Even in Nordic countries like Iceland that promote gender equality, very few women graduate in STEM fields. According to Global Gender Gap Index 2015, Saudi Arabia is among bottom 20 countries in terms of women in STEM fields. In the country, women only make up 39 percent of graduates, a number surprisingly higher than Iceland, where 35 percent. In Norway, 29 percent STEM graduates are women. In a recent newspaper report, it was revealed that countries that rank higher in gender equality tend to have less number of women STEM graduates than those who rank lower in gender equality.
United Nations Educational, Scientific, and Cultural Organization recently concluded a study in which it was revealed that even though globally 34 percent women are expected to be studying in STEM fields, only 29 percent do so. One shocking revelation of the study was that Netherlands, Austria, and Belgium have fewer STEM women graduates even though their science and math scores are really high. It can be explained by one reason, which is in countries where there is low gender equality, and low quality of life go for a career that gives them the best chance at higher financial security. In countries with high quality of life, people have more career options, which pay equally good, encouraging women to go for their passion.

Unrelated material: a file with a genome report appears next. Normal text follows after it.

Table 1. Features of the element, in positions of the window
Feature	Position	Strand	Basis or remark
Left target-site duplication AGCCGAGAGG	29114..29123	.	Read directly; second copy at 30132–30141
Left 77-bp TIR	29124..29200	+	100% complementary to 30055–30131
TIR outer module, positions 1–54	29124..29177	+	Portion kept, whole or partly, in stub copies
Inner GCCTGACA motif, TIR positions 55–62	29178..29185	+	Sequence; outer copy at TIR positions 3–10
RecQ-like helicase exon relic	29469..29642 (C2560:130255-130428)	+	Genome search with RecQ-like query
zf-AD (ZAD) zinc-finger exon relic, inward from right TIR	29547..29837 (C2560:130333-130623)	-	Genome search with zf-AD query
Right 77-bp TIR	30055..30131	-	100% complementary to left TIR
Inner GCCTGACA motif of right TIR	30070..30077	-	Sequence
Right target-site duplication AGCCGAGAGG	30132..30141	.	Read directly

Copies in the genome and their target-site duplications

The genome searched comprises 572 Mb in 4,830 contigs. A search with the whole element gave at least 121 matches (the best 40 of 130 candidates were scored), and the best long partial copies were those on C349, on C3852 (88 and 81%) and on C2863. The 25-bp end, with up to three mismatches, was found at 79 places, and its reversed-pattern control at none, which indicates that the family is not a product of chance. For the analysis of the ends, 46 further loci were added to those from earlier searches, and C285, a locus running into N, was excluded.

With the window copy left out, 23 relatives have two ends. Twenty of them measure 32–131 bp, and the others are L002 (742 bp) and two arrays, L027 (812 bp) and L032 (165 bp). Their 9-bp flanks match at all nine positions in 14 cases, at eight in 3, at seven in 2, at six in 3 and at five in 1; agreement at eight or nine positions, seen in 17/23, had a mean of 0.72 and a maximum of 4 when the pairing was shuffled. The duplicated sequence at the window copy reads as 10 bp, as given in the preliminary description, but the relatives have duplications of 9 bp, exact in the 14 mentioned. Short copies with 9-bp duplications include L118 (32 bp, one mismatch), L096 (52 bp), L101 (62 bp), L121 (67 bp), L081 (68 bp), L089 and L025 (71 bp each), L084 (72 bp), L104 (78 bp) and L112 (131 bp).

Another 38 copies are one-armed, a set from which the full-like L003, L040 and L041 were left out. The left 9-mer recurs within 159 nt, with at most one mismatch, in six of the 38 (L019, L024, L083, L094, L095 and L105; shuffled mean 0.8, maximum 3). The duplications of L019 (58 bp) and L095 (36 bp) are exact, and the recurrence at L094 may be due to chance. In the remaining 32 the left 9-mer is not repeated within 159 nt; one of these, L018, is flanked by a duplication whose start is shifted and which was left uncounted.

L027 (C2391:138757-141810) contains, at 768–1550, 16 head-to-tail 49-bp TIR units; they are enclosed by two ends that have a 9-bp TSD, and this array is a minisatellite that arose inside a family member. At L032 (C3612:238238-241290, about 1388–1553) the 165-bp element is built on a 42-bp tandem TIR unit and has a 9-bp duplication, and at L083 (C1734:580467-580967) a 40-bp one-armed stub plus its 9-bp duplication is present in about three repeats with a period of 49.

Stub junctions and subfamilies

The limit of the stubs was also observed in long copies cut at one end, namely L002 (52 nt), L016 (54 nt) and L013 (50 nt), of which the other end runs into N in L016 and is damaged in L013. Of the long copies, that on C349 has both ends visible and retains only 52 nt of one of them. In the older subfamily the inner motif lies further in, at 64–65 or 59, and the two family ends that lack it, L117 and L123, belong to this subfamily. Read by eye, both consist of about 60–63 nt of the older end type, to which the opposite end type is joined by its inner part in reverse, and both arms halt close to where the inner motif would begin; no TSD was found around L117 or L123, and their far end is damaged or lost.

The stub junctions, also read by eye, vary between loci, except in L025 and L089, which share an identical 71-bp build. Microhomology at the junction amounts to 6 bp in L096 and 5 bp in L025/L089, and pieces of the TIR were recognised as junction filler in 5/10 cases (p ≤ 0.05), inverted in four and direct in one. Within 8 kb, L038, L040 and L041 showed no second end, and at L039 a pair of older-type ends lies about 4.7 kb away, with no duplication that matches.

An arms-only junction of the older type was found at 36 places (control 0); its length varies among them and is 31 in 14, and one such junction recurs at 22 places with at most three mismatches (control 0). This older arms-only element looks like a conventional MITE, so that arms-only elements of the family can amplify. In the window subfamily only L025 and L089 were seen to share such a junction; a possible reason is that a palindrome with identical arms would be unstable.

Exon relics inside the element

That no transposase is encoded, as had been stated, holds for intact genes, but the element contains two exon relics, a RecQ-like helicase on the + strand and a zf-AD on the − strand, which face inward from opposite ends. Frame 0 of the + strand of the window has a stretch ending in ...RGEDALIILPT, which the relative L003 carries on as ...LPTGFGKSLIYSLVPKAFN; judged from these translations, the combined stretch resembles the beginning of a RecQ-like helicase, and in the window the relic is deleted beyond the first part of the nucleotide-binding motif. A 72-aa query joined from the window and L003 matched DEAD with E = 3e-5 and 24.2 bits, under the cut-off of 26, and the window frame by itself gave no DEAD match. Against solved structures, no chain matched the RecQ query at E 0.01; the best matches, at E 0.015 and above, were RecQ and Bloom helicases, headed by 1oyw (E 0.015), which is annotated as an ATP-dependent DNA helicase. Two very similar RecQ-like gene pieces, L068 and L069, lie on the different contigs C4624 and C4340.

In her article in Wall Street Journal, Susan Pinker said that in this age of modern feminism a country has truly achieved gender equality is when 50 percent STEM graduates are women. Culture has a significant role to play as in cultures where women are suppressed tend to go for professions that increase their status and respect in the country. Only 11 percent engineering graduates are women, to get it to 50 percent is an impossible task.